Asking the same old questions, to feed the same old models, to conduct reflexive analyses (looking for familiar – risk – patterns: correlations). Working with a classic economic recipe but incorporating some ‘improved’ (processed) ingredients that may damage consumer health but are tasty and highly profitable! To a mix of water and flour add a heaped tsp. of assumption, several splashes of maths, a mixing bowl of computing power and an oven to cook-up some palatable predictions. Altering quantities to suit personal taste is one thing but when vast amounts of societal wealth and security are reliant upon concatenated (linear) calculations in the hands of master-bakers(!), whose priority is to feed their greed by ‘cooking the books’ and leaving communities to fund the healthcare and societal costs.
It makes sense when you think about it! It’s not magic, rather it is the interactions, enabled by the the effectiveness (or otherwise) of the communication of information. Every dynamic system, first, requires the requisite complexity to perform a specific function but, as the following presentations (hopefully) illustrate, how the system is structured can have a significant impact upon performance and profitability.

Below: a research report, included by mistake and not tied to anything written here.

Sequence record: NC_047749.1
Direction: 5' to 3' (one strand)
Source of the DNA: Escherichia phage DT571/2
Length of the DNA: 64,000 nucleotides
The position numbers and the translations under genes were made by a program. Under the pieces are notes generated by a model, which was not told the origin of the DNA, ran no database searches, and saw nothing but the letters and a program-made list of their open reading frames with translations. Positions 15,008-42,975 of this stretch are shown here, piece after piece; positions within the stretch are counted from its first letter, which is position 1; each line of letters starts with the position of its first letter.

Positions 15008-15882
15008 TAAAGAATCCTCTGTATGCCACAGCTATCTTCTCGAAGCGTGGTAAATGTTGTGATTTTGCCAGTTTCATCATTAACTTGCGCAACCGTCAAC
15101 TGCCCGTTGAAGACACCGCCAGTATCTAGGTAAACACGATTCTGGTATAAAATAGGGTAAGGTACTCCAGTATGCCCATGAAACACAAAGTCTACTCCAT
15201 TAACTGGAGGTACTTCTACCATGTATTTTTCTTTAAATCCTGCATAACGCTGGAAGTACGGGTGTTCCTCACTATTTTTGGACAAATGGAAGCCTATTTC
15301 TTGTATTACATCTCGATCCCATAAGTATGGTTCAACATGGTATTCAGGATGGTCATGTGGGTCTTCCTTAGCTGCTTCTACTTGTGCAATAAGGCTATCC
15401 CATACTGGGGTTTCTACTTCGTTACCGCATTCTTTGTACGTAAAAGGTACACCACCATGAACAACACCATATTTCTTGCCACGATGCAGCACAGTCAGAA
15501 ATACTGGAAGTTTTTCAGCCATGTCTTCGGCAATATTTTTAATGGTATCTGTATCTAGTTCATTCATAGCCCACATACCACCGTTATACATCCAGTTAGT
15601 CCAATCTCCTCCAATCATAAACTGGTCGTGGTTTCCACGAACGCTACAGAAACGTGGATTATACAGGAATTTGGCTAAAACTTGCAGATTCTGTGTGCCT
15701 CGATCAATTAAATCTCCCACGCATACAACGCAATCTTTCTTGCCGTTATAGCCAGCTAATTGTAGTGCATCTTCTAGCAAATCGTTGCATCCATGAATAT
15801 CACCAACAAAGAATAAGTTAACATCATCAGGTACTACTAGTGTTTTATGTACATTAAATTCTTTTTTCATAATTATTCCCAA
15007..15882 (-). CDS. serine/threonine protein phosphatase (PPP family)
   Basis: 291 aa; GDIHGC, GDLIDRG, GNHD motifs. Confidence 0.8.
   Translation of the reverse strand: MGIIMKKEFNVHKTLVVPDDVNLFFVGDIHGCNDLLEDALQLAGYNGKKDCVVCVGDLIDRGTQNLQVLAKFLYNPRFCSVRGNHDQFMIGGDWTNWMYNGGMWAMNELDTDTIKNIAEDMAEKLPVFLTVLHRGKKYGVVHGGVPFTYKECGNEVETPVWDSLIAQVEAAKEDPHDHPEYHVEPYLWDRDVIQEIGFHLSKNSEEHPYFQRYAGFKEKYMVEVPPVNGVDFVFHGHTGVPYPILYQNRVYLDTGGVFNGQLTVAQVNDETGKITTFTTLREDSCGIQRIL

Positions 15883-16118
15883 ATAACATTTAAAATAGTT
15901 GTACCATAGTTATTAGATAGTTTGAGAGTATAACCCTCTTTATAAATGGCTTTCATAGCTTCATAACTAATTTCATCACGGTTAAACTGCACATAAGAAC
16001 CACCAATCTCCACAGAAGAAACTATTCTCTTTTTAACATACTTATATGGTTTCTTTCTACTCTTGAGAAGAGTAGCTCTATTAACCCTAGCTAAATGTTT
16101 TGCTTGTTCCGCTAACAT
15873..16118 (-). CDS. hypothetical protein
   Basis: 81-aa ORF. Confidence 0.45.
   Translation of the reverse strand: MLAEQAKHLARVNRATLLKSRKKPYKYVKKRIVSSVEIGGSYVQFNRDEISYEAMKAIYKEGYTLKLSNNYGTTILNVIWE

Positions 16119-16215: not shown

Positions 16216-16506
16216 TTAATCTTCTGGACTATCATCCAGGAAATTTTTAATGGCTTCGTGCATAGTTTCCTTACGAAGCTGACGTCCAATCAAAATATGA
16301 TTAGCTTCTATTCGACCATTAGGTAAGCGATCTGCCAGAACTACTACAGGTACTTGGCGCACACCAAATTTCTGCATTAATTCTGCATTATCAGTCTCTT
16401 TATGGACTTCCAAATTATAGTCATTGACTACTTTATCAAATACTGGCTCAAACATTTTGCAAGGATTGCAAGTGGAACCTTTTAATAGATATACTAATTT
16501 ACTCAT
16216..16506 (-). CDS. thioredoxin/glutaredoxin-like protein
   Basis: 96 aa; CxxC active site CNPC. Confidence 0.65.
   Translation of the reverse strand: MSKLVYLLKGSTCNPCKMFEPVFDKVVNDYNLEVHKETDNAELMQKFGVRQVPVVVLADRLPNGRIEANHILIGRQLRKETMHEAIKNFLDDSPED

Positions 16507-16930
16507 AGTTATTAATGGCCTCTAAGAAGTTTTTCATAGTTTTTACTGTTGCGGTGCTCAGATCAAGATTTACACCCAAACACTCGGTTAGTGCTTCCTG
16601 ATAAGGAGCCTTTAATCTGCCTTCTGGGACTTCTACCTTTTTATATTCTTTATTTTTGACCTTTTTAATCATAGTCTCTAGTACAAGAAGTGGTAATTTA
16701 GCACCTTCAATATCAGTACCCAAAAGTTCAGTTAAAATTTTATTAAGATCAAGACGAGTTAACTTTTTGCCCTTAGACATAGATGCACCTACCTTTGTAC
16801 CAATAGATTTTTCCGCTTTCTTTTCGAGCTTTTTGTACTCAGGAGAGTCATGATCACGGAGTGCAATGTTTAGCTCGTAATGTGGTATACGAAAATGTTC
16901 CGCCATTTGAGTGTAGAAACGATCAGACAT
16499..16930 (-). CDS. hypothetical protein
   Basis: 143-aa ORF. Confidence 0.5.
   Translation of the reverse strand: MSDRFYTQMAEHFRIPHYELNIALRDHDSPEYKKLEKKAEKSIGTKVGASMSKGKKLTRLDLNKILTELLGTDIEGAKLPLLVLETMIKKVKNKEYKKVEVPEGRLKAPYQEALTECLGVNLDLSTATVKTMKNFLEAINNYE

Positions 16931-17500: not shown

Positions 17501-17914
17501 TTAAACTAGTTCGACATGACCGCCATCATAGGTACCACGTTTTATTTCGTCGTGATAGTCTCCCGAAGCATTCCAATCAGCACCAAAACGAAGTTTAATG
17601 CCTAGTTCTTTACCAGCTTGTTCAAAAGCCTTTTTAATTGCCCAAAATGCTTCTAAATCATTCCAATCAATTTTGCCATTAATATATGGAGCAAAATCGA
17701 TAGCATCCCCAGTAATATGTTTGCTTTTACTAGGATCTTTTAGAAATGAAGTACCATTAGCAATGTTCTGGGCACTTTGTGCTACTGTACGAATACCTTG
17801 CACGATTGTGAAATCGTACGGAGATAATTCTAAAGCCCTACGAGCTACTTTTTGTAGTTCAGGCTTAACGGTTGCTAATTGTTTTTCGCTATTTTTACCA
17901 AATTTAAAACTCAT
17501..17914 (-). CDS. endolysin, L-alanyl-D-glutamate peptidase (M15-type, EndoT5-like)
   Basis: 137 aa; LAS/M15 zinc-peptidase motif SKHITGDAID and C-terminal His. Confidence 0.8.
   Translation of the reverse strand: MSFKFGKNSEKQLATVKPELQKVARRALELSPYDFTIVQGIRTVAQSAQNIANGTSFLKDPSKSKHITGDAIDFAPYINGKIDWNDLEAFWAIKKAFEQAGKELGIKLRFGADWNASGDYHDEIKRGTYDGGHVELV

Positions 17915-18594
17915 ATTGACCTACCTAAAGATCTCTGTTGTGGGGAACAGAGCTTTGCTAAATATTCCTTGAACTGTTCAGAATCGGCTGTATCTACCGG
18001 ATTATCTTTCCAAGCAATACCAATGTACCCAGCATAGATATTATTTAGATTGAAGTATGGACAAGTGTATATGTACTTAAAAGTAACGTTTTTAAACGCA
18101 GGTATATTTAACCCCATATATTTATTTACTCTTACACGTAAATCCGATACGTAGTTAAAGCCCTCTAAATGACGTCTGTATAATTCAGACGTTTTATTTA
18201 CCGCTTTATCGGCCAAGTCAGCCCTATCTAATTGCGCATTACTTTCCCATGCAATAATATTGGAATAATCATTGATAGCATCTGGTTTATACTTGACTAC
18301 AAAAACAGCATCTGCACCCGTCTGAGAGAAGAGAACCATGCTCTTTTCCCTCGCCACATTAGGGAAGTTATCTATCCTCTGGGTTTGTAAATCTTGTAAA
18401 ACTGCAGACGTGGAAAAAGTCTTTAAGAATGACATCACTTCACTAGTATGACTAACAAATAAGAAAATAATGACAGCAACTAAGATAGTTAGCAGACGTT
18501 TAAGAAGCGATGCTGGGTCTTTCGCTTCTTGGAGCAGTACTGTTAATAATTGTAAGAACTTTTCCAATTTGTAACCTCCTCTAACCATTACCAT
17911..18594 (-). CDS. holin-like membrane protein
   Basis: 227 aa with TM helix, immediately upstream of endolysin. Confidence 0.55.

Excessive complexity is not just an “innovation killer”, in such volatile and uncertain times it can be the difference between failure and survival. If you think of excessive complexity in terms of cholesterol within the most complex systems we know (us!), you may understand the significance of ‘blockages’ upon performance. Particularly when the demands of the external environment can change suddenly…50 years of a sedentary lifestyle then having to run to catch a train or away from danger, may be an appropriate analogy for an established business faced with the loss of a major customer, supplier, a new competitor or an unforeseen change in trading conditions. Sudden and unforeseen – NOT unforeseeable – changes can and have led to collapse and failure even when the outward appearance is reassuringly healthy.
Now that we know about DNA we can better understand the impact of previously ‘invisible’ flaws and that such, apparently, small errors can (in complex systems), literally, make the difference between life, death or a lifetime of ill-health.